Activity 2: Story Basket And Centering
Activity time: 5 minutes
Materials for Activity
- A large basket
- Craft sticks
- A large rubber band
- Copy of the story, "The Bundle of Sticks"
- A chime, a rain stick, or another calming sound instrument
- Optional: Box or small table and a cloth cover
- Optional: A globe or a world map
Preparation for Activity
- Obtain wooden craft sticks (popsicle sticks). You will need two for each person in the storytelling circle, and extra to make a strong bundle if the group is small. Find craft sticks in arts and crafts stores and many stores that carry children's toys and activities. Colored sticks tend to be weaker than natural ones and won't work well for the art activity.
- Place the story-related items (including the craft sticks and rubber band), the altar cloth if you have one, and the chime, rain stick or other sound instrument in the story basket. Place the filled basket in the storytelling area you have designated for Moral Tales.
- If you will make an altar as a focal point for story objects, set up the box or table you will use next to your storytelling area. Do not put the cloth on it yet. It is not necessary to ritualize the altar as a sacred place. It can simply serve as a focal point where objects related to the story will be visible while you tell the story.
Description of Activity
In this activity you are preparing the children to hear the story, "The Bundle of Sticks." Gather the children in a circle in your storytelling area. Show them the story basket, in which you have placed the craft sticks and rubber band you will use when you tell the story.
If you are using an altar as a focal point, take the cloth cover from the basket and drape it over the box or small table. If the cloth cover has a special story, such as who made it, where it comes from, or the meaning of any symbols on it, briefly share the story with the children.
Show the group the craft sticks and rubber band and place them on your altar table or in front of you. Pass around any other story-related objects you have brought.
Children may ask questions about some of the items, begin to tell stories about similar things they have seen, or wonder aloud why an object is included. Tell them they can talk more about the items after the story. Make sure you invite them to do so once you have finished the story and follow-up discussion.
If you have a globe or a world map, indicate Greece. You can tell the children that this story is one of Aesop's fables, and that Aesop was a storyteller who lived long ago in Ancient Greece.
As items come back to you, place them on the altar. Objects that are fragile, or which should not be passed around for any reason, can be held up for all to see and then placed directly on the altar. Display the items for children to look at as they listen to the story.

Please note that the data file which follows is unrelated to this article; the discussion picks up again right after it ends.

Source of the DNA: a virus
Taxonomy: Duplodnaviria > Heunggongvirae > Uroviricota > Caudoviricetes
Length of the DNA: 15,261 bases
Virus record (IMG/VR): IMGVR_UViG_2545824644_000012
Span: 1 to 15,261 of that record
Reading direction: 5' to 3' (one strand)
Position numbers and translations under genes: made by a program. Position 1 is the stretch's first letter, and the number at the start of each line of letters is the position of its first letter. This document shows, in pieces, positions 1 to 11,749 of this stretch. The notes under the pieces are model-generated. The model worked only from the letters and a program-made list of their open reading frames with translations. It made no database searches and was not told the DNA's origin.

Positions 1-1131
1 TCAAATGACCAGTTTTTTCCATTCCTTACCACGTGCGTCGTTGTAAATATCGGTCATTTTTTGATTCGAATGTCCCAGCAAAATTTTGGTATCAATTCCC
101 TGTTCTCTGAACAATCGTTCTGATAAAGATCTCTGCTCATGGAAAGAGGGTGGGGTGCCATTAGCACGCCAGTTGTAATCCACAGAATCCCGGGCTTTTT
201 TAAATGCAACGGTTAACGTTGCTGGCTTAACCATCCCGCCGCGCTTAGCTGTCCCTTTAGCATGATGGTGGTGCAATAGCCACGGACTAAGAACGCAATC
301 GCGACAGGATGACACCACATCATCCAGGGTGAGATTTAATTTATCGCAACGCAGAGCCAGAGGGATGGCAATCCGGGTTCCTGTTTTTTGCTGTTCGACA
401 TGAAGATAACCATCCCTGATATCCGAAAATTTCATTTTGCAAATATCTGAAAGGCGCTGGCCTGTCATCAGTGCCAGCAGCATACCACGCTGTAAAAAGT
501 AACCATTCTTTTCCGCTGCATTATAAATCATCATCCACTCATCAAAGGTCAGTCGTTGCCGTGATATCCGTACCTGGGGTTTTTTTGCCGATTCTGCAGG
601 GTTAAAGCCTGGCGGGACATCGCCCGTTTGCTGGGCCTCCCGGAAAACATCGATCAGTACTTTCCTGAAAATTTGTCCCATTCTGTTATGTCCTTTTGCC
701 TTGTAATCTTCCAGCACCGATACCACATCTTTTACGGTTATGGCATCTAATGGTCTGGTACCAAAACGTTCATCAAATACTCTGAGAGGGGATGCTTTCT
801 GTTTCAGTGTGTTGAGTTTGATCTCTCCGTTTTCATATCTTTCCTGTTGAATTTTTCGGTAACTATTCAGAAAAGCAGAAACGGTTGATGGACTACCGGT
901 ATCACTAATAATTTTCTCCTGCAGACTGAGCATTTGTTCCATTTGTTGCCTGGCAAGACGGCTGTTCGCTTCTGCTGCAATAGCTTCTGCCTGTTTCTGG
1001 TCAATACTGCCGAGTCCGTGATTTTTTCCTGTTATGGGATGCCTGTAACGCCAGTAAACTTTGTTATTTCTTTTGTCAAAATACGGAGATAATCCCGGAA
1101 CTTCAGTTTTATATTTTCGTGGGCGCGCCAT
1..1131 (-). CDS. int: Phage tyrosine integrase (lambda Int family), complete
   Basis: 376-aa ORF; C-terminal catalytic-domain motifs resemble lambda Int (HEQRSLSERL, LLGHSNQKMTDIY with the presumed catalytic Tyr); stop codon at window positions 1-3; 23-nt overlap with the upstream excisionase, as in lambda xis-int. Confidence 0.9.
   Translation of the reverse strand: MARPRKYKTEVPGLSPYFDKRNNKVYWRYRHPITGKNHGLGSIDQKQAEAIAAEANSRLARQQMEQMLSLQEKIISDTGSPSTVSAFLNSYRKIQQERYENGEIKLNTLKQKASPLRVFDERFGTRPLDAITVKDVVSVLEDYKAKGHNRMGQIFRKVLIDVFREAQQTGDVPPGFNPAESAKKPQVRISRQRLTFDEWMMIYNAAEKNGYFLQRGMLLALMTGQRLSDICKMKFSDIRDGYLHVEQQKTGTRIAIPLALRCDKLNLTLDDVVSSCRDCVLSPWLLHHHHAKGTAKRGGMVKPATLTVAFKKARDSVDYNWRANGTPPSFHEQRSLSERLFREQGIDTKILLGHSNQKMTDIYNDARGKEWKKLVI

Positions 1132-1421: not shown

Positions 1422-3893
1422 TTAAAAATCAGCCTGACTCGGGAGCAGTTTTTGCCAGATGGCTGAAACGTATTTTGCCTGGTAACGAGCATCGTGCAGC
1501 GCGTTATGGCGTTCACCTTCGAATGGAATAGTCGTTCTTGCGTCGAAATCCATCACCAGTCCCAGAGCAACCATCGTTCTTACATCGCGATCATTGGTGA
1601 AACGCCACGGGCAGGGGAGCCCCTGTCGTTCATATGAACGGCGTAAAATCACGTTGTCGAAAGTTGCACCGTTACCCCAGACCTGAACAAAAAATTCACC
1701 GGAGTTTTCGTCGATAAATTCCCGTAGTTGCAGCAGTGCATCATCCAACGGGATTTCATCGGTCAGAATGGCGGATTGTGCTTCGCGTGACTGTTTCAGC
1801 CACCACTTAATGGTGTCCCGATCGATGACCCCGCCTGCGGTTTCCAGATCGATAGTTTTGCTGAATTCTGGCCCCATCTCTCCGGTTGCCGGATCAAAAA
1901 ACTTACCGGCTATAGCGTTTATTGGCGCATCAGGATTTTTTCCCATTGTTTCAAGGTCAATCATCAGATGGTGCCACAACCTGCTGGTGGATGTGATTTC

Now remove the chime, rain stick or other instrument from the story basket. Tell the children that every time you tell a story in Moral Tales, you will first use the instrument to help them get their ears, their minds, and their bodies ready to listen.
Invite them to sit comfortably and close their eyes (if they are comfortable doing so). You may tell them that closing their eyes can help them focus just on listening.
In a calm voice, say, in your own words:
As you breathe in, feel your body opening up with air. As you breathe out, feel yourself relaxing.
Repeat this once or twice and then say:
Now you are ready to listen. When I hit the chime (turn the rain stick over), listen as carefully as you can. See how long you can hear its sound. When you can no longer hear it, open your eyes and you will know it is time for the story to begin.
Sound the chime or other instrument. When the sound has gone, begin telling the story.
Including All Participants
If anyone in the group is unable to hold or pass items, or cannot see the items, make sure you or a child in the group offers the person a chance to see and touch each object, as needed.
Some people do not feel safe closing their eyes when they are in a group. If any children resist, respect their resistance and suggest that they find a single point of focus to look at instead.
If you have a basket of fidget objects for children who will listen and learn more effectively with something in their hands, make the fidget object basket available during this activity. For a full description of fidget objects and guidance on using them, see Leader Resources.